K4 Enterprises sued Grater, Inc. and James Zavacki During the trial, the parties met with the judge, but without attorneys, to discuss settlement of the case. The case was settled, at least everyone thought so at the time. But over the following weeks, the parties could not agree on the terms of a written agreement.
K4 asked the trial judge to enforce the oral agreement made during the settlement discussions in the court’s chambers. Grater and Zavacki opposed the motion, and asked for an evidentiary hearing. They wanted to question the judge as a witness to the settlement negotiations. The judge denied the request for an evidentiary hearing, and said he would not give testimony. Instead, the judge ruled that Grater and Zavacki could make an offer of proof to show what their other witnesses would say. Grater and Zavacki declined to make the offer of proof, saying they were unable to do so without the testimony of the trial judge. The court then granted K4’s request to enforce the oral settlement agreement.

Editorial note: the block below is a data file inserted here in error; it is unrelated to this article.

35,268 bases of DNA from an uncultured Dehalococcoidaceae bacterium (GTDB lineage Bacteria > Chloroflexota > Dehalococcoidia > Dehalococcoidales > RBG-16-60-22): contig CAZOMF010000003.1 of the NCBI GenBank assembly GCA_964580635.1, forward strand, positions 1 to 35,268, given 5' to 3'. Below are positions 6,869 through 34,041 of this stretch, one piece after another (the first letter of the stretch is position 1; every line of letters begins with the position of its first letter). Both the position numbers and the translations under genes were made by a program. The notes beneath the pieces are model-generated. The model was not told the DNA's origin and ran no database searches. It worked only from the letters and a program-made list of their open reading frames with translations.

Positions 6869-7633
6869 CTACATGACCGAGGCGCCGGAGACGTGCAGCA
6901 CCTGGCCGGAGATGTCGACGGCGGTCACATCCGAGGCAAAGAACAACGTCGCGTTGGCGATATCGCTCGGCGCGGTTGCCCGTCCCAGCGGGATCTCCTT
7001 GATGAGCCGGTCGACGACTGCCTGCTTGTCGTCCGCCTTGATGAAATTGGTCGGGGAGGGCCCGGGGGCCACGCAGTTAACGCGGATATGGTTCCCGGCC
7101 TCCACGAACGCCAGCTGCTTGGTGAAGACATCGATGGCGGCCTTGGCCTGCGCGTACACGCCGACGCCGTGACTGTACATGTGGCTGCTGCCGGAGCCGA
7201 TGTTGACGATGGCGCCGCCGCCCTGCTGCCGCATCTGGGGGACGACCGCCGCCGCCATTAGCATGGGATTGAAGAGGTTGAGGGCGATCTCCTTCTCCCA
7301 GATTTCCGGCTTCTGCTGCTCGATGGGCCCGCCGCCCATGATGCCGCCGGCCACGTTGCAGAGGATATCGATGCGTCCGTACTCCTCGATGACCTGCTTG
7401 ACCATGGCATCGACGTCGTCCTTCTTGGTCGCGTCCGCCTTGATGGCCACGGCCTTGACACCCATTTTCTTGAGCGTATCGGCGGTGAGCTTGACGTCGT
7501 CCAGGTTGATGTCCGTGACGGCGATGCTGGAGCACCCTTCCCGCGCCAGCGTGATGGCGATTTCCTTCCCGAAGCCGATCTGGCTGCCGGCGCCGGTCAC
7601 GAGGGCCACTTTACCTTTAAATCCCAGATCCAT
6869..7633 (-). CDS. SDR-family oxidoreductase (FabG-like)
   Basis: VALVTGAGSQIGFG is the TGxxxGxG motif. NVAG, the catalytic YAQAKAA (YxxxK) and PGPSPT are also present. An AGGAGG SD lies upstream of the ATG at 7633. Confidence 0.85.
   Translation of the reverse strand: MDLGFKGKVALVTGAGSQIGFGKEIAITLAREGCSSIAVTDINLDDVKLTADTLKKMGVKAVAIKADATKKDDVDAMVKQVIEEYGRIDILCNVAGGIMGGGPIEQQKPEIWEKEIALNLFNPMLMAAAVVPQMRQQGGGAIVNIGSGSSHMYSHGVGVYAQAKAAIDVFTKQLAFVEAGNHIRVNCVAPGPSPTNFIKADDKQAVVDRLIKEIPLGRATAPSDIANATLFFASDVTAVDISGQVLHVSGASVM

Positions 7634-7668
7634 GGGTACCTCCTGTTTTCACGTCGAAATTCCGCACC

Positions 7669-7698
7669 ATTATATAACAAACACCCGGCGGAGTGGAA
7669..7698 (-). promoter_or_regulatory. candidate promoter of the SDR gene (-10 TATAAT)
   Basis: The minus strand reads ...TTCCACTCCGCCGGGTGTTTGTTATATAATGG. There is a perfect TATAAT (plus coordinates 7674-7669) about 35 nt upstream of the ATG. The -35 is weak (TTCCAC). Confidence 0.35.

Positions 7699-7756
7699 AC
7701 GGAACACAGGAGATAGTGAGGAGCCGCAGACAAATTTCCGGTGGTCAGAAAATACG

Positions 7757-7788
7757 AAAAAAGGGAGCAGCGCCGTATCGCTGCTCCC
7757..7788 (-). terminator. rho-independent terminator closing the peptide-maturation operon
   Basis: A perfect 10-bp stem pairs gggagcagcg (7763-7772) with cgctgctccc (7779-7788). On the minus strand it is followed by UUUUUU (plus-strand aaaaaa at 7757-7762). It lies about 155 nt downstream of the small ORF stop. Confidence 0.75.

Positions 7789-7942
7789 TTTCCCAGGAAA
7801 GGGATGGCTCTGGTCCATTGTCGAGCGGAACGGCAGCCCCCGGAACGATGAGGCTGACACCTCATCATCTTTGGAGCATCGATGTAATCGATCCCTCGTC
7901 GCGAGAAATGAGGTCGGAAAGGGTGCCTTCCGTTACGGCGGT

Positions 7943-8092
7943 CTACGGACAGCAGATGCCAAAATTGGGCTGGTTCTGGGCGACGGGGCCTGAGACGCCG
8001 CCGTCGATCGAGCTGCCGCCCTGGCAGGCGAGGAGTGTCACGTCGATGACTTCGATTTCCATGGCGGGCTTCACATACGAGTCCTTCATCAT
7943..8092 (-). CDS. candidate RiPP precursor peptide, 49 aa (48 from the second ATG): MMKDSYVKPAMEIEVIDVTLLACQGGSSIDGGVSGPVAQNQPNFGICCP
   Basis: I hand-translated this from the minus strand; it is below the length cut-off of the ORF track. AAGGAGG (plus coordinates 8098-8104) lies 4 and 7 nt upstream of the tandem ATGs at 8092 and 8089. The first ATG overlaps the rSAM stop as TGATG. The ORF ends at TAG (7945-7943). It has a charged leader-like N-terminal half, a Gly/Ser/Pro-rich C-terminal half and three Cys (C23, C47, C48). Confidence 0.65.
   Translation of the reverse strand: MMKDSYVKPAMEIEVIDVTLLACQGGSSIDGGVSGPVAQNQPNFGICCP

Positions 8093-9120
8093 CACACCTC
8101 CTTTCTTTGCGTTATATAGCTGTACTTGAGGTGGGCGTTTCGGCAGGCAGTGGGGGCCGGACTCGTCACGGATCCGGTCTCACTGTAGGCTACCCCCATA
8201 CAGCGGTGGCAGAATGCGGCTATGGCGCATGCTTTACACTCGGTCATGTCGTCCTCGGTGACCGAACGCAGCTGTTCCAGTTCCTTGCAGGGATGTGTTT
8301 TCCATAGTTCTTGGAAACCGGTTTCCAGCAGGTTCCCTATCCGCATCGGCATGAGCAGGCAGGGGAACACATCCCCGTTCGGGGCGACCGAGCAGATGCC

On appeal, Grater and Zavacki claimed the trial court was wrong to refuse to hold an evidentiary hearing. But the First District Illinois Appellate Court disagreed, and ruled that Grater and Zavacki forfeited the argument by declining to make an offer of proof. Here’s how the appellate court explained it:
Generally, when a trial court refuses evidence, no appealable issues remain unless a formal offer of proof is made … The purpose of an offer of proof is to inform the trial court, opposing counsel, and a reviewing court of the nature and substance of the evidence sought to be introduced … An adequate offer of proof is the key to preserving a trial court’s error in excluding evidence.
… The trial judge stated that he would not be a witness, but offered defendants an opportunity to make an offer of proof regarding the testimony of other witnesses … Defense counsel had an opportunity to place on the record, for review by this court, what other witnesses, namely, his client, James Zavacki, would testify to with regard to what occurred during the oral settlement negotiations in the judge’s chambers. Defense counsel refused to do so and cannot now be heard to complain that the trial court’s recollection of those settlement negotiations was inaccurate. Therefore, because defendants refused to make an offer of proof when given the opportunity to do so, we find that they forfeited their objection to the trial court’s denial of an evidentiary hearing …
The appellate court affirmed the order to enforce the settlement, a sum of $2 million plus interest. Read the whole case, K4 Enterprises v. Grater, Inc., No. 1-07-2792 (8/19/09), by clicking here.